Project Supervisor: Professor Bernd Kulessa ([hidden email]); Professor Adrian Luckman; Dr Stephen Cornford

DTC GEO 27 - Geophysical field exploration of Sorsdal Glacier, Princess Elizabeth Land, East Antarctica.             

Compared to ice stream dynamics in West Antarctica, very little is currently known about the impact of meltwater on the flow of major marine-terminating outlet glaciers from the East Antarctic Ice Sheet, many of which are grounded well below sea level and thus susceptible to ocean and hydrological forcing. An international team of scientists, funded by the Australian Antarctic Science Program and including BK as a Co-Investigator, is currently combining field observations with satellite remote sensing and numerical ice flow modelling to understand the dynamic response of the Sorsdal Glacier – ideally located close to Davis station in the Australian sector of Princess Elizabeth Land, East Antarctica – to hydrological and ocean forcing. An exciting opportunity has now arisen for an exceptional PhD candidate to join the project and conduct seismic, radar and/or geoelectric geophysical surveys on Sorsdal Glacier in the austral summer of 2017/18 (or/ and 2018/19), collaborating with scientists from Australia, Canada and the USA in elucidating the susceptibility of the glacier to climate forcing.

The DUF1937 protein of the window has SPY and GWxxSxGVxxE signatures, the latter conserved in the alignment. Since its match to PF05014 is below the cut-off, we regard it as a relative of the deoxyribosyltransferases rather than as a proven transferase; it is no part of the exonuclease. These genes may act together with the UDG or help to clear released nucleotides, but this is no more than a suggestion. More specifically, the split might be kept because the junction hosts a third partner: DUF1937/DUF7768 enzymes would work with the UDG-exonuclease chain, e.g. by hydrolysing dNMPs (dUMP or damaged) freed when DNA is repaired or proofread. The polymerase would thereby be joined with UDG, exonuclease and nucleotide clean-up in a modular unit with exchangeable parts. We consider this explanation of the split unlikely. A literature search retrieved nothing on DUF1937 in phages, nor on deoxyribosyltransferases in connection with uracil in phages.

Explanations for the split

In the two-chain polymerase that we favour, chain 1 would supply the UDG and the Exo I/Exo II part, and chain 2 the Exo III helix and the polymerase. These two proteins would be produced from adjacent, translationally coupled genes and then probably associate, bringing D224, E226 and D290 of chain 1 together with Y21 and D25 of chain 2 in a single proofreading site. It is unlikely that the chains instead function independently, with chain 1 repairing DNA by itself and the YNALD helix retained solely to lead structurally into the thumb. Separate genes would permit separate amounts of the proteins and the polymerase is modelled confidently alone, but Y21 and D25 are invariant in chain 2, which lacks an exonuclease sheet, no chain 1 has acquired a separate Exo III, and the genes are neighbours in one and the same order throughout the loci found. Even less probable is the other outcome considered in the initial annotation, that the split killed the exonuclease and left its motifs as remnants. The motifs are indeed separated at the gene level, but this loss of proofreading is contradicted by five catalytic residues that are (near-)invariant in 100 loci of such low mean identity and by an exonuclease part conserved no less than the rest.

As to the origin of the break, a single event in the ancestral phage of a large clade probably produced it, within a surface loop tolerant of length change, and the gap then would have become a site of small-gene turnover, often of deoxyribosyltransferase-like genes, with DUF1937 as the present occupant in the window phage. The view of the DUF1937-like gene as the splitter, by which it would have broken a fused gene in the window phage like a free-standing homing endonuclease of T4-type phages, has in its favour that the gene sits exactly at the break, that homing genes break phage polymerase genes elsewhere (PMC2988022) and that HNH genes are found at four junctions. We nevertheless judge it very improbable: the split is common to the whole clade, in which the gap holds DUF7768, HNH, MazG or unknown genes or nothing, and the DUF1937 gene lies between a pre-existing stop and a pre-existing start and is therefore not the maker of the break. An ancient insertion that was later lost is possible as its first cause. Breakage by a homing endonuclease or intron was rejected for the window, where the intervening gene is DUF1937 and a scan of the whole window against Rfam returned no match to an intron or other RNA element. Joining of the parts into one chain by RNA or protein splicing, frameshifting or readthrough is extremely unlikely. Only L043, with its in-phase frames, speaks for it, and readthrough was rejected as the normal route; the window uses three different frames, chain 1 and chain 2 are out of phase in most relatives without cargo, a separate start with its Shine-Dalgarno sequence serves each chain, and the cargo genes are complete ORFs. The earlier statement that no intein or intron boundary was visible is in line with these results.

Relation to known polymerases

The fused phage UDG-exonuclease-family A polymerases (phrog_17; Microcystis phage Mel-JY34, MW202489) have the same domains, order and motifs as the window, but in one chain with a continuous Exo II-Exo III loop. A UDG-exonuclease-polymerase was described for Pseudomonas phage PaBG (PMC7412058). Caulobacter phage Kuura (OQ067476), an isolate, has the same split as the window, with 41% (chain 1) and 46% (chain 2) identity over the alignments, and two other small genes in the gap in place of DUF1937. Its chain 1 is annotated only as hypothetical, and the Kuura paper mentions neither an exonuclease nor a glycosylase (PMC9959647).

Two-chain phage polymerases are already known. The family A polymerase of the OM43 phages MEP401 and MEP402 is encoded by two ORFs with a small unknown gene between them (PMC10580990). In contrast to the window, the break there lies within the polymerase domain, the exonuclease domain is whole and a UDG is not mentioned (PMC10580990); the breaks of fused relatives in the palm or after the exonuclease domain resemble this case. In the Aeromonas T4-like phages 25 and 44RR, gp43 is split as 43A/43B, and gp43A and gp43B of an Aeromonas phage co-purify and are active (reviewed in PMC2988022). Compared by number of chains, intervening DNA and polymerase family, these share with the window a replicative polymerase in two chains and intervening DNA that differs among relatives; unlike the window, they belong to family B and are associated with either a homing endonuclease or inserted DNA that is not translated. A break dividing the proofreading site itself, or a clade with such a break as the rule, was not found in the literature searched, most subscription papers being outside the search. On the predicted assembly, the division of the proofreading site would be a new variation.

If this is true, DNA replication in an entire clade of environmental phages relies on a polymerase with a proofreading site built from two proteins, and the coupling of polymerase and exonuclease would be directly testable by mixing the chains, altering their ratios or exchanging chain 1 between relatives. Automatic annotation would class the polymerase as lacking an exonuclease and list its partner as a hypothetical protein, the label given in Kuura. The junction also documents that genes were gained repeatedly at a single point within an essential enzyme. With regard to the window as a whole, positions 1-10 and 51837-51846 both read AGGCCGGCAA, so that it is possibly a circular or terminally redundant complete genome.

Project Supervisor: Dr Stephen Cornford ([hidden email]); Professor Adrian Luckman; Professor Bernd Kulessa

DTC GEO 26 - Mapping the mechanical strength of the Larsen C ice shelf through satellite data assimilation.             

The European Space Agency Sentinel-1 satellites, launched in 2014 and 2016, reveal Antarctic ice dynamics at high resolution throughout the year and have been used to track the weekly progress of a now 200km long rift across the Larsen C ice shelf. Although there is a well-established theory of stress concentration and crack propagation, it is complicated by spatial variation in the structure of ice shelves, which comprise a mixture of land ice and marine ice.  The studentship will aim to assimilate Sentinel-1 observations into an ice shelf model, mapping the pattern of mechanical strength of the Larsen C ice shelf to provide insight into its near future resilience or fragility.


Project Supervisor: Dr John Hiemstra ([hidden email]); Dr Sietse Los; Dr Cynthia Froyd

DTC GEO 22 - Thawing permafrost in a warming Arctic region.

The ongoing thawing of permafrost in parts of Alaska is resulting in significant but transient changes in lake and vegetation patterns. Along with structural deformation in the active ground layer (e.g. involutions, ground ice, gelifluction), such changes determine to a large extent how, where and how much methane and carbon dioxide are released into the atmosphere. This project will use satellite imagery (e.g. Landsat, MODIS and ASTER), climate data and field measurements and observations to map and track such changes over the past five decades, with the objective to understand the intricacies and feedbacks in the response of Arctic landscapes to planetary warming. Fieldwork costs can be covered by BGS support (additional external supervision envisaged).